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Thread: Looking for values in an array

  1. #1
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    Default Looking for values in an array

    Is there a better way to do this:

    PHP Code:
    $notAllowed = array('content-type:''mime-version''multipart/mixed''Content-Transfer-Encoding''to:''cc:''bcc:');

        foreach ( 
    $notAllowed as $na) {

            foreach ( 
    $_POST as $post ) {
                if ( 
    strpos($post$na) !== false ) {
                    
    $invalid true;
                    break;
                }
            }
        } 
    Maybe something like array_search() ?

    Thanks in advance!

    J

  2. #2
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  3. #3
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    Default

    I thought of in_array, but it doesn't work.

    PHP Code:
    $array = array('test''php''etc');

    $string 'I like php';

    if ( 
    in_array($string$array) )
       echo 
    'In array';
    else
        echo 
    'Not in array.'
    The above won't find the word 'php' in $string.

    Maybe a regex?

    I was just trying to avoid nesting the foreach loops.

  4. #4
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    Default

    in_array checks for the hole thing (like it should)

    $A = "this is what im looking for";
    $B = array("this","is","what","im,"looking","for");
    in_array($A,$b)

    if you want to check for parts you could break the string into parts and then check thous.
    somthing like this
    PHP Code:
    function string_in_array($string="",$combobreaker=" ",$arraylist=array())
    {
    $parts explode($combobreaker$string);
    $found false;
    foreach(
    $parts as $part)
    {
         if(
    in_array($part,$arraylist) != false)
         {
              
    $found true;
              break;
         }   
    }
    return 
    $found;

    returns true if found or false if not.

    example
    PHP Code:
    <?php
    if(string_in_array("I like php"," ",array('test''php''etc')))
    {
         echo 
    "found it!";
    }
    ?>
    would output "found it!"

    you could also do it this way
    PHP Code:
    function array_in_string($stringtest="",$arraylist=array())
    {
         
    $found false;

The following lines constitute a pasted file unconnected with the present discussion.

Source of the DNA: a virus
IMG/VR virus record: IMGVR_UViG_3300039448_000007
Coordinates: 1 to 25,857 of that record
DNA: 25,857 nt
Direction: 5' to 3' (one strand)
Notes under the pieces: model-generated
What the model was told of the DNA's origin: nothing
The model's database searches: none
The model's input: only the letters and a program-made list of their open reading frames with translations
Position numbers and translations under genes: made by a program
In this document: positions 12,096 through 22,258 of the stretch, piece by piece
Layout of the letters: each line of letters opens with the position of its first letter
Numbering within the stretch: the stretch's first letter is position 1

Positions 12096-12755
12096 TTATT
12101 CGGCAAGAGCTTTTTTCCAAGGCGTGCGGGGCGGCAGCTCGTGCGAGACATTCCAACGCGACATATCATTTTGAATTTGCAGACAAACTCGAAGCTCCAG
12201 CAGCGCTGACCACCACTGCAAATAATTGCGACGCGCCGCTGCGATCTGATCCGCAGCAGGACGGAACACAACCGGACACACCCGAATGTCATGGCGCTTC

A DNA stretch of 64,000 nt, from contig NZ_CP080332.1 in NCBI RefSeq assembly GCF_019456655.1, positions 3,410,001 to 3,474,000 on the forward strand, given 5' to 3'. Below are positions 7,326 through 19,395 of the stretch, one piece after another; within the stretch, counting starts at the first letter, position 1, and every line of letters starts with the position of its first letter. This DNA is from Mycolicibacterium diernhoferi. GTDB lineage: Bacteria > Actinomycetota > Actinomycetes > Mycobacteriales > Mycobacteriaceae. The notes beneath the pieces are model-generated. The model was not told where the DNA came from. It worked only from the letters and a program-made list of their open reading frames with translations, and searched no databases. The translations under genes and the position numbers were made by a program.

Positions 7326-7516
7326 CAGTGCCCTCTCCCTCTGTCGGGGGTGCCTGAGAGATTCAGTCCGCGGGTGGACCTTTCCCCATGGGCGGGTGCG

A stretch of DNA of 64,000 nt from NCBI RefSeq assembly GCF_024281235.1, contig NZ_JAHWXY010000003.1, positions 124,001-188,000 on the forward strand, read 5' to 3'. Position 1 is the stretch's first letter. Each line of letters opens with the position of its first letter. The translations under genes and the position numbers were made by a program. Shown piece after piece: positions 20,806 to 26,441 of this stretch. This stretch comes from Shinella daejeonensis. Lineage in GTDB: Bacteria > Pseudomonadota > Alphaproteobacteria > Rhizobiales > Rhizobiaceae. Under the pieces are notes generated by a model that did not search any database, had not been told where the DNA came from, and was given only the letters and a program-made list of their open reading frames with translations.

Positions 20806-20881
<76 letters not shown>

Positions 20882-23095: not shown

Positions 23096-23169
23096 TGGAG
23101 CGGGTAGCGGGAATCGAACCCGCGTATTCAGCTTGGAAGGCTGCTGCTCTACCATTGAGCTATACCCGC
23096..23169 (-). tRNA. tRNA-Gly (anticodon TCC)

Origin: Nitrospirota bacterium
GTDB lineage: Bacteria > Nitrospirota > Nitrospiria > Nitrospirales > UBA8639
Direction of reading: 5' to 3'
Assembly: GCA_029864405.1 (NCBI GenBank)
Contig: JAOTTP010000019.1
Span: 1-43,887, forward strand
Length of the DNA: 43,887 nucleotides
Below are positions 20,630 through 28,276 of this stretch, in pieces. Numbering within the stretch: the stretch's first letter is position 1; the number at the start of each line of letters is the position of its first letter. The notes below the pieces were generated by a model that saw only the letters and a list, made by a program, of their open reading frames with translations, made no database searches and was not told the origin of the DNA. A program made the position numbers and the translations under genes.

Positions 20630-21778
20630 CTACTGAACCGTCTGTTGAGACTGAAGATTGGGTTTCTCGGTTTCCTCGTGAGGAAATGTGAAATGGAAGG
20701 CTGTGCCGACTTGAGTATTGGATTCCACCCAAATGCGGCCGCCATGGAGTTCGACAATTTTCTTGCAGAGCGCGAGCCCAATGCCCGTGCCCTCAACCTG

foreach(
    $arraylist as $item)
         {
                if(
    strpos($stringtest,$item) != false)
                {
                       
    $found true;
                       break;
                }
          }
          return 
    $found;

    I did not check these but both look like they should work
    not sure what way is faster thou.
    Last edited by zeromadpeter; 02-09-2009 at 03:58 PM. Reason: added example. added other way.

  5. #5
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    Default

    Code:
    function array_in_string($stringtest="",$arraylist=array())
    {
         $found = false;
         foreach($arraylist as $item)
         {
                if(strpos($stringtest,$item) != false)
                {
                       $found = true;
                       break;
                }
          }
          return $found;
    }
    I think this is kind of backwards from what was required... it's also hugely redundant. Don't set defaults for necessary parameters, and since we're returning immediately when we find a value anyway, there's no point in the separate variable to return.
    Code:
    // Doesn't really matter which order these parameters are in.
    // The PHP folks don't seem to care much for consistency.
    function substr_in_array($needle, $haystack) {
        foreach ($haystack as $val)
            if (strpos($val, $needle) !== false)
                return true;
    
        return false;
    }
    It would be nice to do it Haskell-style, any (needle `isInfixOf`) haystack but I can't seem to find any way to lazily terminate array_filter(). We could do it manually, I guess:
    Code:
    function id($a) {
        return $a;
    }
    
    function array_any($haystack, $predicate = 'id') {
        foreach ($haystack as $val)
            if ($predicate($val))